Food Facts | Fit Pregnancy

Food Facts

You asked, we answered. Here are responses to our readers'’ questions about pregnancy nutrition.


(Q) I’ve heard that I should stay away from soft cheese. Which ones fit that description, and are they safe to eat if cooked, such as on a pizza or in a cheese sauce?
(A) Pregnant women should avoid soft cheeses because they can contain listeria. Brie, Camembert, Mexican-style cheeses (such as queso blanco), goat cheese and feta made with either cow’s or sheep’s milk all fall into the soft-cheese category. 

Even pasteurized soft cheeses are risky, says Erin Coffield, R.D., a registered dietitian with the New England Dairy and Food Council, because they tend to have a low pH level, which puts the cheese at risk for contamination. You should also avoid blue-veined cheeses such as Gorgonzola.If you do decide to eat soft cheese, be sure to heat it until it’s bubbling hot.

(Q) I can’t start the day without my morning cup of java. What’s the lowdown on caffeine?
(A) Although there is little evidence that moderate amounts of caffeine will harm your growing baby, research has shown that it can increase the baby’s heartbeat, particularly in the last trimester, Somer says. Also, consuming more than 300 milligrams of caffeine a day (the amount in two 5-ounce brewed cups) increases the risk of miscarriage, fetal growth problems and low birth weight. To be safe, switch to decaffeinated coffees, teas and colas, and drink smaller amounts, during your pregnancy.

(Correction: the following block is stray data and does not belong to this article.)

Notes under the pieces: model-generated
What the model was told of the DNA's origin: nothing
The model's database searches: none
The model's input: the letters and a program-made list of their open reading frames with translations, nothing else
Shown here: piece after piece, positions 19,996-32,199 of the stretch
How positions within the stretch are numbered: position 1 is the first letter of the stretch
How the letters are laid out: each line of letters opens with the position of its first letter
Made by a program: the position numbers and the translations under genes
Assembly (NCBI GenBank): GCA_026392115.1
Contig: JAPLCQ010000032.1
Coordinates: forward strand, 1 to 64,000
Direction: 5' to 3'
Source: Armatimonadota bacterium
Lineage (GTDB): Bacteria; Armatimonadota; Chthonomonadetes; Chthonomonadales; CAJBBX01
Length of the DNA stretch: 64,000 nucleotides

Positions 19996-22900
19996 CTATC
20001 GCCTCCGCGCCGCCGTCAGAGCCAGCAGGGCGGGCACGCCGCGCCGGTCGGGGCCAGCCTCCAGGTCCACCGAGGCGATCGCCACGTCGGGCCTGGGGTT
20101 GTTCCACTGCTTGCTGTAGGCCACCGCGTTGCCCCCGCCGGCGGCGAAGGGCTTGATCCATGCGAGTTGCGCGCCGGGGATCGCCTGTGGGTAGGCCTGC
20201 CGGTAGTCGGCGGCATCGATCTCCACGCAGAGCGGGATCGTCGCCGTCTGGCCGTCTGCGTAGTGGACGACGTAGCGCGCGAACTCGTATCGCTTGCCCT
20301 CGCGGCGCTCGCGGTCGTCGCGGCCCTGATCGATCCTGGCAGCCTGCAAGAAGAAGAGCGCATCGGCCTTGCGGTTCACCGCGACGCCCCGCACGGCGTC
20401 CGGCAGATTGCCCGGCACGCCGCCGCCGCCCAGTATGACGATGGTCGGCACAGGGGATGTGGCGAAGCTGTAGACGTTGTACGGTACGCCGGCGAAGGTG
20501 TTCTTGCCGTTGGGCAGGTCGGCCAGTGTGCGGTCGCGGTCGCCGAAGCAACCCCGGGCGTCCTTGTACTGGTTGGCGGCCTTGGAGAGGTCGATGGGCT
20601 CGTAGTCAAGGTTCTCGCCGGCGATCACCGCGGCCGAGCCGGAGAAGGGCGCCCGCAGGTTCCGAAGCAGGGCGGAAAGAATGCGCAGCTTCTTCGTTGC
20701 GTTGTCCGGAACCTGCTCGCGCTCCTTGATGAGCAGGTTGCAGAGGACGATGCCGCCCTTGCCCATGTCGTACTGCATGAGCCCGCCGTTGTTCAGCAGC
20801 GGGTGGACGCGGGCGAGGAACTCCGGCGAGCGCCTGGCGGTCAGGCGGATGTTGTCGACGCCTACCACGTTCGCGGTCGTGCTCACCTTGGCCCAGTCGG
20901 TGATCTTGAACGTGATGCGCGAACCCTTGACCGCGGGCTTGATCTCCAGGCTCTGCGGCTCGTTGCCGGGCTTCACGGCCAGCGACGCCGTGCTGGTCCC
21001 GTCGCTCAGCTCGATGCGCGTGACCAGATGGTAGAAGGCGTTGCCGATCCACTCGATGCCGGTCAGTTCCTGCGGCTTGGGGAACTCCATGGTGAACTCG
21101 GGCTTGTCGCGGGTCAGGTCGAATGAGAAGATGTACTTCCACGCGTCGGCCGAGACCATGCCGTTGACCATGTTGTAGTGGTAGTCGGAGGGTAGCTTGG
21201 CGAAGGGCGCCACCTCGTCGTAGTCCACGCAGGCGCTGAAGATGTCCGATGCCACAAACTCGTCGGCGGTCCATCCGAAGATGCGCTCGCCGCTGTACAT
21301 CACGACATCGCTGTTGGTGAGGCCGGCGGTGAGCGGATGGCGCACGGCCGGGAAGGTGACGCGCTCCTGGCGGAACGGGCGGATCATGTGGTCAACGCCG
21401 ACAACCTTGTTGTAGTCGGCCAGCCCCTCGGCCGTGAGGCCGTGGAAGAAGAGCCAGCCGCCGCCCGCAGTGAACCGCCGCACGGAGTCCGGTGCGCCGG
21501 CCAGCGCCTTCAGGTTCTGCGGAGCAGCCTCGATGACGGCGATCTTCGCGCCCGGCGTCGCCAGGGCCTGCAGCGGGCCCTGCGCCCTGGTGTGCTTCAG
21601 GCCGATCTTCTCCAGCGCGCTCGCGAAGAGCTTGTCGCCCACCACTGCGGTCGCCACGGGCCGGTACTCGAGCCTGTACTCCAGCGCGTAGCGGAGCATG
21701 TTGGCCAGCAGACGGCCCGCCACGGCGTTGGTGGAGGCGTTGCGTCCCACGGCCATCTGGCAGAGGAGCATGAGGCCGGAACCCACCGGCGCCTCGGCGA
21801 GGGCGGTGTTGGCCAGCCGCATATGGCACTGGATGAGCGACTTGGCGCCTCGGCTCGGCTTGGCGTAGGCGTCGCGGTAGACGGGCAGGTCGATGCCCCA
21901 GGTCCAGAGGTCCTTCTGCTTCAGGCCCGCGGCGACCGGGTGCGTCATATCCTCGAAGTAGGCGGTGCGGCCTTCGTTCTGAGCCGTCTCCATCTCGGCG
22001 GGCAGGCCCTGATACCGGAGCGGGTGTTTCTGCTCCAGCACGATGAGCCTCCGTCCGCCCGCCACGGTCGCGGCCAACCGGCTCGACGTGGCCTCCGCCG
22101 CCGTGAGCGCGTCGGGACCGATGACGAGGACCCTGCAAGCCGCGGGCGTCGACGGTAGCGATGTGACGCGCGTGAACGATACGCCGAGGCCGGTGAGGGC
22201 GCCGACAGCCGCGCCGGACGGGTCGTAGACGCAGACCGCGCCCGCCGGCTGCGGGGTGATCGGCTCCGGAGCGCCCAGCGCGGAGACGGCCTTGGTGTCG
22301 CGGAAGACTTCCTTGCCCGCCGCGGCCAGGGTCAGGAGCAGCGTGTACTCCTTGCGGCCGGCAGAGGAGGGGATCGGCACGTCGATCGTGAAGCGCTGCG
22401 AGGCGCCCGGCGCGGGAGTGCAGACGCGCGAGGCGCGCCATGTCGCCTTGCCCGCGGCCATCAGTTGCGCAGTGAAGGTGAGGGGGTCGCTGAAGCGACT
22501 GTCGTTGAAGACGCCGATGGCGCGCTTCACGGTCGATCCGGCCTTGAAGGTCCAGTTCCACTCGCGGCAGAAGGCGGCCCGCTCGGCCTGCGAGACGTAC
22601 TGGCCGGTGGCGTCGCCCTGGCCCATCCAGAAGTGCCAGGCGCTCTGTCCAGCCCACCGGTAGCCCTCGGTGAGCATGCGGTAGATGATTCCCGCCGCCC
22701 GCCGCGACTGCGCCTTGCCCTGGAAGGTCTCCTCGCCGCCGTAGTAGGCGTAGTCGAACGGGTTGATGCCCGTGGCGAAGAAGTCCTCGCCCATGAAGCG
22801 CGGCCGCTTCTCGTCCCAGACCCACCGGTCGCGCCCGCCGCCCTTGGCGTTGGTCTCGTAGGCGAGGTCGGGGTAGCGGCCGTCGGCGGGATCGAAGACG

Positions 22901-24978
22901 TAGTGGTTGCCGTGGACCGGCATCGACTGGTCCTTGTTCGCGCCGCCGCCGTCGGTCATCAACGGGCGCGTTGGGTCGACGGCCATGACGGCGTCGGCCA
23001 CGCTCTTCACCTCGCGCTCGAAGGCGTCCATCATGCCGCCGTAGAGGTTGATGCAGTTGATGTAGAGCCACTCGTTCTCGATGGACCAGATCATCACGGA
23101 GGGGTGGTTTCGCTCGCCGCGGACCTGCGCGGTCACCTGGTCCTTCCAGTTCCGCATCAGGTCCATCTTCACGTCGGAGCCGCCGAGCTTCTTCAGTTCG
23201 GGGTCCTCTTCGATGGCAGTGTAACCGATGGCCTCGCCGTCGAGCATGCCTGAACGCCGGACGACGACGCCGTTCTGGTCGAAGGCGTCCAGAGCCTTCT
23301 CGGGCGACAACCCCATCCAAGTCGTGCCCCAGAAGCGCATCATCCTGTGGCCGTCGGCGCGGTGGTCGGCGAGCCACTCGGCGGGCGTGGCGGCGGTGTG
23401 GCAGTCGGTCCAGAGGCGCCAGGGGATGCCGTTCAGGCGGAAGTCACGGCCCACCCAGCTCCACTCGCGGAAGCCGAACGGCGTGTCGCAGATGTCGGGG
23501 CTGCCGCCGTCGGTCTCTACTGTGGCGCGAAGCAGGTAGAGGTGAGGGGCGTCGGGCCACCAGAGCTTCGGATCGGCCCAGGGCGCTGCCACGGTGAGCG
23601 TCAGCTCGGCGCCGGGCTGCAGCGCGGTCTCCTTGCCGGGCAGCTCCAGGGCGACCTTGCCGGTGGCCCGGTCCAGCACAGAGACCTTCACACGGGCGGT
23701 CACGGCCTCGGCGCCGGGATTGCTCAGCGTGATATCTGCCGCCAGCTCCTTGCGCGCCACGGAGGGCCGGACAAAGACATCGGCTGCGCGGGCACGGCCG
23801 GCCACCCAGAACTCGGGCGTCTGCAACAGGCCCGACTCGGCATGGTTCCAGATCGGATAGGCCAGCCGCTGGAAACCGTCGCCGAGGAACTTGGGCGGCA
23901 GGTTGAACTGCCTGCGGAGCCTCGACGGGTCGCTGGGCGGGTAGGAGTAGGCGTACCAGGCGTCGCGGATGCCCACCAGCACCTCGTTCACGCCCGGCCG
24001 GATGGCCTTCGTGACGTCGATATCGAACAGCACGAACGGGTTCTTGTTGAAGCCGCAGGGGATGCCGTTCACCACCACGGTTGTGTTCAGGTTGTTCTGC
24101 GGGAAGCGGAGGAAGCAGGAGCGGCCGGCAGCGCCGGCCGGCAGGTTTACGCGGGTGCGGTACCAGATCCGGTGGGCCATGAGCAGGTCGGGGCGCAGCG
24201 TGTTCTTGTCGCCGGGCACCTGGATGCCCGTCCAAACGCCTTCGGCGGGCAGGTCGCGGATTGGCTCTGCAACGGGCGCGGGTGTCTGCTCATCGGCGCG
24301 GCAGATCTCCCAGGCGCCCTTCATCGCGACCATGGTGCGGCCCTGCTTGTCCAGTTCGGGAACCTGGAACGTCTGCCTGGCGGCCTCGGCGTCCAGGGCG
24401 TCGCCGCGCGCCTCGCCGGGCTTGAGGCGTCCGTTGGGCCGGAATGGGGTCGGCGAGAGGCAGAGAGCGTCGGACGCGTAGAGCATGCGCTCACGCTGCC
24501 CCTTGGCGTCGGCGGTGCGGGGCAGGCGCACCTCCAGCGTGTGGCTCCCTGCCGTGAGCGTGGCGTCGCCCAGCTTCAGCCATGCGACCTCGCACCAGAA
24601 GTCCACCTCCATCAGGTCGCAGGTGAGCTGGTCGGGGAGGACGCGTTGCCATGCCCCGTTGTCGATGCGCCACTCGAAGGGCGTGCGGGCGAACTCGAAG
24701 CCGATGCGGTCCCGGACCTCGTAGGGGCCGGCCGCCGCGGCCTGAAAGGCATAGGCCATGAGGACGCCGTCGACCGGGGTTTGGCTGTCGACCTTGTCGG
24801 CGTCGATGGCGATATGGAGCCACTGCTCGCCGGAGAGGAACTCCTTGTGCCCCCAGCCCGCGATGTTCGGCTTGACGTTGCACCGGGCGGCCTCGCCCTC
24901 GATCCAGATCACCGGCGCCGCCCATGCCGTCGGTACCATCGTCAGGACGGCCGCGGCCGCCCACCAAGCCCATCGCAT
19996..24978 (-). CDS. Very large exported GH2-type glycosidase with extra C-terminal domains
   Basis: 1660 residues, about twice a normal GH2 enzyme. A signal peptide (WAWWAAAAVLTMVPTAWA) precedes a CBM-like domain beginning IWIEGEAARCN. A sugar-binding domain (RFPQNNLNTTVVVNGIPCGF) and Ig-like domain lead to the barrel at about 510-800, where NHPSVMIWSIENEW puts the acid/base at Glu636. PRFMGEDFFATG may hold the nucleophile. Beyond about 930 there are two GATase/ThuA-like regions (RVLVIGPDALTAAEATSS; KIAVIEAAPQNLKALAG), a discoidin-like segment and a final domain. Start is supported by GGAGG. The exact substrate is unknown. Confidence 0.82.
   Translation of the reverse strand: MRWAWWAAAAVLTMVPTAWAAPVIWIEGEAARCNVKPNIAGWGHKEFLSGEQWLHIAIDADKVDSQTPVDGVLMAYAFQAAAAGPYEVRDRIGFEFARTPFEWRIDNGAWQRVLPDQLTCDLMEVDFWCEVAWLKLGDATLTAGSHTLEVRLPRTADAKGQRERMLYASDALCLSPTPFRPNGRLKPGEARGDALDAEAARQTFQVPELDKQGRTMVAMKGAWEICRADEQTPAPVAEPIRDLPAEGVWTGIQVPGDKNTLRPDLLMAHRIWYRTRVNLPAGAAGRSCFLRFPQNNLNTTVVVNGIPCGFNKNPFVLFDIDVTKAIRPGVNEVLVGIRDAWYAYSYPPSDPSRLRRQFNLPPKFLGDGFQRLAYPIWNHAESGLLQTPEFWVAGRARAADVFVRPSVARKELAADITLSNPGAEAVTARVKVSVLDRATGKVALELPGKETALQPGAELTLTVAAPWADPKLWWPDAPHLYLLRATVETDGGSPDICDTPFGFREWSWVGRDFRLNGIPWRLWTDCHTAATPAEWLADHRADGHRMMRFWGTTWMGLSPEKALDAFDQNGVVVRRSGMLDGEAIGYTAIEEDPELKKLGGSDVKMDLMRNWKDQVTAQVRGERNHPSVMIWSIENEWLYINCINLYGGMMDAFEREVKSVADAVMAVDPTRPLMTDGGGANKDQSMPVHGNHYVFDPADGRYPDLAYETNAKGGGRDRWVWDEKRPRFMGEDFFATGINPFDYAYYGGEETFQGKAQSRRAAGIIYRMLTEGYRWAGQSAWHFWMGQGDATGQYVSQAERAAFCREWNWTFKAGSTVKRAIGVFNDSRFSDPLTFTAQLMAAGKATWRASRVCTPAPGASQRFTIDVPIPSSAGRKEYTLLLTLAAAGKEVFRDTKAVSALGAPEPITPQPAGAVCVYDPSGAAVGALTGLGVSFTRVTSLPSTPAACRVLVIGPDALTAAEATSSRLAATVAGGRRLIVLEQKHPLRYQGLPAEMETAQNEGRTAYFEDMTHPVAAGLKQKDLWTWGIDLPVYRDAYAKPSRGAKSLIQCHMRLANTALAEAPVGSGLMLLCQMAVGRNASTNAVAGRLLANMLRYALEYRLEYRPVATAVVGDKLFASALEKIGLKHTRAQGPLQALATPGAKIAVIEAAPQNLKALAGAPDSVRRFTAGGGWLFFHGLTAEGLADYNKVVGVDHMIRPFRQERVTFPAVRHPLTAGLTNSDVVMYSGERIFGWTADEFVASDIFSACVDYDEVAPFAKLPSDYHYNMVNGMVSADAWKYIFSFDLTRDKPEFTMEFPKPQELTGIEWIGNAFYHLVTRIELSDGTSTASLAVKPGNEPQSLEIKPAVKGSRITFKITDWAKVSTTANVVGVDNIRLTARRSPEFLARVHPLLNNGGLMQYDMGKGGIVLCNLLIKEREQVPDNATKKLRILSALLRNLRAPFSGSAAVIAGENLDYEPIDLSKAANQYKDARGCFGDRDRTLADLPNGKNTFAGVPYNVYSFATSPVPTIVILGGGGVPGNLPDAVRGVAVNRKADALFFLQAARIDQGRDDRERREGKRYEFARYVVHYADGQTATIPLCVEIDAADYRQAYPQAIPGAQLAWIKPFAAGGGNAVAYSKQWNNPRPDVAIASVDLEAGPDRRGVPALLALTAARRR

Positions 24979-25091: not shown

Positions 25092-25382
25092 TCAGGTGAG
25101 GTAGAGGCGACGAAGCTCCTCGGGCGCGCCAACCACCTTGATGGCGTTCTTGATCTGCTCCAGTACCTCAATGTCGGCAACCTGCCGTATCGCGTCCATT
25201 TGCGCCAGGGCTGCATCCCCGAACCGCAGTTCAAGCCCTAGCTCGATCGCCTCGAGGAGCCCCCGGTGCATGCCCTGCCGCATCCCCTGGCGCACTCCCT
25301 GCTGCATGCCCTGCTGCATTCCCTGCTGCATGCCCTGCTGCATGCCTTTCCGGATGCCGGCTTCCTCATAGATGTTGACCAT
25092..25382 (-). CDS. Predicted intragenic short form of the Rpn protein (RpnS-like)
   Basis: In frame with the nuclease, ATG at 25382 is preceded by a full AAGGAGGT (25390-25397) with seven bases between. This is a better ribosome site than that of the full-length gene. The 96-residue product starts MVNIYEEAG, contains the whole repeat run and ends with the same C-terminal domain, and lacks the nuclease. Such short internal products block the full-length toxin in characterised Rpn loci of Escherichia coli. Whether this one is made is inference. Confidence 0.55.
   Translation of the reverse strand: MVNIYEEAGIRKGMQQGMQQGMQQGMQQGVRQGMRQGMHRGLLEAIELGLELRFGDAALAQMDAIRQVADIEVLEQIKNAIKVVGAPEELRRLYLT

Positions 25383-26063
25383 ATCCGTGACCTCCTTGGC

(Q) Before I became pregnant, I enjoyed an occasional glass of beer or wine or a martini. Now that I’m expecting, will drinking alcohol really hurt my baby?
(A) Yes. Drinking alcohol has been linked to fetal alcohol syndrome, a condition characterized by mental retardation, physical defects and behavioral problems, according to the March of Dimes. Instead, try fruit nectar mixed with seltzer or nonalcoholic sparkling cider. (Nonalcoholic beer contains trace amounts of alcohol and should be avoided.)

(Q) I hate milk, but I know I need calcium. What are some other sources to get the 1,000 milligrams I need daily?
(A) “Try calcium-fortified orange juice or soy milk fortified with calcium and vitamin D,” says Johanna Dwyer, D.Sc., R.D., a professor at the Friedman School of Nutrition Science and Policy at Tufts University in Boston. Other good sources of calcium include bok choy, white beans, canned salmon with bones, hard cheeses, yogurt and fortified oatmeal, such as Quaker Instant Oatmeal Nutrition for Women.


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